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Clear Springs Wilderness

General Maps Contacts Area Management Wilderness Laws


The United States Congress designated the Clear Springs Wilderness (map) in 1990 and it now has a total of 4,739 acres. All of this wilderness is located in Illinois and is managed by the Forest Service. The Clear Springs Wilderness is bordered by the Bald Knob Wilderness to the southeast.


Clear Springs flows heavily into Hutchins Creek, which separates this area from Bald Knob Wilderness to the south. An abandoned farmstead, complete with rusted-over machinery, stands as a reminder of the industry that once supported the economy of this region. Some of the steep slopes, lining V-shaped creek drainages are composed of loose chert (flint) fragments, from which even earlier inhabitants formed tools. On the western boundary you'll discover a spectacular view of the Mississippi and Big Muddy Rivers when you stand on sheer limestone bluffs that rise 400 feet above the valley floor. The deciduous forest, typical of the Ozarks, harbors wild turkeys, deer, and many smaller mammals. You can find threatened (in Illinois) shortleaf pine growing in isolated stands here. Away from the steep valley walls, the hiking rates as easy and pleasant. Many hideaways are ideal spots to set up camp. Permits are not required for trail use or camping.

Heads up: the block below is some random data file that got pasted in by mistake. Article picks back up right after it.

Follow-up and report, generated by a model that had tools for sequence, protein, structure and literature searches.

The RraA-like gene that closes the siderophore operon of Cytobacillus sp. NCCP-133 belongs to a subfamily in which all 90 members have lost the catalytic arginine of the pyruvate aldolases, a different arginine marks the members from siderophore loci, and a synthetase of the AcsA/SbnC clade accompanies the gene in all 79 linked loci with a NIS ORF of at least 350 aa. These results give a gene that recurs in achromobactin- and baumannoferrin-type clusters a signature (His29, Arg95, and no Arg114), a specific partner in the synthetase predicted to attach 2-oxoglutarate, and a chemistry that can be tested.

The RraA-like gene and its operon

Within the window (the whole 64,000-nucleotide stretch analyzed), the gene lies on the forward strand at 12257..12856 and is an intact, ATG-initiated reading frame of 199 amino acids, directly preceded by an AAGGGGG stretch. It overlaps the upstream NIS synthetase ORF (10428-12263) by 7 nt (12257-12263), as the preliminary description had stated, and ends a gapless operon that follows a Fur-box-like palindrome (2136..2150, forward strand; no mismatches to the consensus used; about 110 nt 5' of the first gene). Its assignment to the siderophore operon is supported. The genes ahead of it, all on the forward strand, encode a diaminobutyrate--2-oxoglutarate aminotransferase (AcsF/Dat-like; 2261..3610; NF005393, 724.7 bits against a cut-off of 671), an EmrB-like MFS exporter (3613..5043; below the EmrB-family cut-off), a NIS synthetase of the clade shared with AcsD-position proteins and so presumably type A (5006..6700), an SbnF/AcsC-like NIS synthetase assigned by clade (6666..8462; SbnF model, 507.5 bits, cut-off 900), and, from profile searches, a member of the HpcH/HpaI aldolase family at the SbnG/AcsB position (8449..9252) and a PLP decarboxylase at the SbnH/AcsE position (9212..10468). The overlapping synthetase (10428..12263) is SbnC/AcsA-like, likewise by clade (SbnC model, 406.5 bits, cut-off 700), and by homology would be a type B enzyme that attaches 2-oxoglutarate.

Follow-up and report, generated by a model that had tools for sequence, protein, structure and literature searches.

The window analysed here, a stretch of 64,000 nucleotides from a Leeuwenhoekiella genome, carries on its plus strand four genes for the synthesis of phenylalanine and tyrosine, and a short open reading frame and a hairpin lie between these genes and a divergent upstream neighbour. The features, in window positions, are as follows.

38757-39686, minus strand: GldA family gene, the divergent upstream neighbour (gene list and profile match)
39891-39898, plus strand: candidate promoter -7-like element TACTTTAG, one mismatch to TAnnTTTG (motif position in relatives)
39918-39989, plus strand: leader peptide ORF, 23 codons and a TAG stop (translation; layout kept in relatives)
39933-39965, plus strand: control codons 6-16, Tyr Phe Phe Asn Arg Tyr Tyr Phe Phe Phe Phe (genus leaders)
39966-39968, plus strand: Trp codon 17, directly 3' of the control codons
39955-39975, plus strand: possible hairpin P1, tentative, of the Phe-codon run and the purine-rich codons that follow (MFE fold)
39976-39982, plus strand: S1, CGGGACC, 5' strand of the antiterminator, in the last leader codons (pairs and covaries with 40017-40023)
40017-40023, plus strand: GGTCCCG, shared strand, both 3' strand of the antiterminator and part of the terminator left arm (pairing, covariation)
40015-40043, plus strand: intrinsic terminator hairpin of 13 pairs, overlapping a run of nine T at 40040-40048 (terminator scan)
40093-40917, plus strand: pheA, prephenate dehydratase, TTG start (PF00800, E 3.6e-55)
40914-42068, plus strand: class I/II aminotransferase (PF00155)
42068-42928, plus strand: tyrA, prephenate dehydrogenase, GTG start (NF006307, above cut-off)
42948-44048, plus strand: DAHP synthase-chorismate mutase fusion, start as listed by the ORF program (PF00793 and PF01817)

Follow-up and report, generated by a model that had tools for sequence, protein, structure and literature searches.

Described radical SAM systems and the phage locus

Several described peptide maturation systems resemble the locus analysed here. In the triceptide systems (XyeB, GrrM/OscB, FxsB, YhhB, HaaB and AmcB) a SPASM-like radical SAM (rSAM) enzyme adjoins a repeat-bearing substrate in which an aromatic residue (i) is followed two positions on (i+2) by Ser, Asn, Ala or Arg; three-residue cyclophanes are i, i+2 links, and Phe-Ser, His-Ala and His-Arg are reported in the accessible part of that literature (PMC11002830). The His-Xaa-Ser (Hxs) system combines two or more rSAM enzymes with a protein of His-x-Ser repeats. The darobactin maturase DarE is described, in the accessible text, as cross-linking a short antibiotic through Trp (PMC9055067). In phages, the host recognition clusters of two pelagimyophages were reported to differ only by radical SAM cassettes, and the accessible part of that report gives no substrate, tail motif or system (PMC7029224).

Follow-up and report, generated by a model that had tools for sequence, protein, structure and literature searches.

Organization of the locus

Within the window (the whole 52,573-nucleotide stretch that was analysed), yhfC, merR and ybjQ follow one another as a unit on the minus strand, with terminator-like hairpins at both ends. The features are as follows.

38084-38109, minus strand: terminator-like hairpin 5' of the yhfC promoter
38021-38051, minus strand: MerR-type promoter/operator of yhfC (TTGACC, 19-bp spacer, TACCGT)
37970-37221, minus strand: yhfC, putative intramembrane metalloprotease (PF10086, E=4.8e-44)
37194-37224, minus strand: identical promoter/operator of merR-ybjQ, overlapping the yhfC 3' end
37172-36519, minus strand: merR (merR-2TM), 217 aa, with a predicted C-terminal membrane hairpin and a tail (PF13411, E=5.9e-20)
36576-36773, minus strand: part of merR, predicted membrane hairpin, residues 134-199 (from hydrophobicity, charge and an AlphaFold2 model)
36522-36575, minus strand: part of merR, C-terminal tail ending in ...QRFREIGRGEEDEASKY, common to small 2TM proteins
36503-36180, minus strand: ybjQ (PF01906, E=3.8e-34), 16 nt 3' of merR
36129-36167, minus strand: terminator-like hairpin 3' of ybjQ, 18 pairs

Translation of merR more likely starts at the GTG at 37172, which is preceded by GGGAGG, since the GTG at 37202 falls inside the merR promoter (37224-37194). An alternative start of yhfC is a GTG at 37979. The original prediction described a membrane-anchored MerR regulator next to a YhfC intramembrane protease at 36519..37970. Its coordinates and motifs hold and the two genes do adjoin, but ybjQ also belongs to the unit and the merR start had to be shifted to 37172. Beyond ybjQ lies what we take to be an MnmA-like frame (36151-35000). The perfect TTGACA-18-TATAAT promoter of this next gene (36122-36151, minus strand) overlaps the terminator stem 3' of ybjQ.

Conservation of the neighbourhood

Planning to Visit the Clear Springs Wilderness?

Leave No Trace

How to follow the seven standard Leave No Trace principles differs in different parts of the country (desert vs. Rocky Mountains). Click on any of the principles listed below to learn more about how they apply in the Clear Springs Wilderness.
  1. Plan Ahead and Prepare
  2. Travel and Camp on Durable Surfaces
  3. Dispose of Waste Properly
  4. Leave What You Find
  5. Minimize Campfire Impacts
  6. Respect Wildlife
  7. Be Considerate of Other Visitors
For more information on Leave No Trace, Visit the Leave No Trace, Inc. website.

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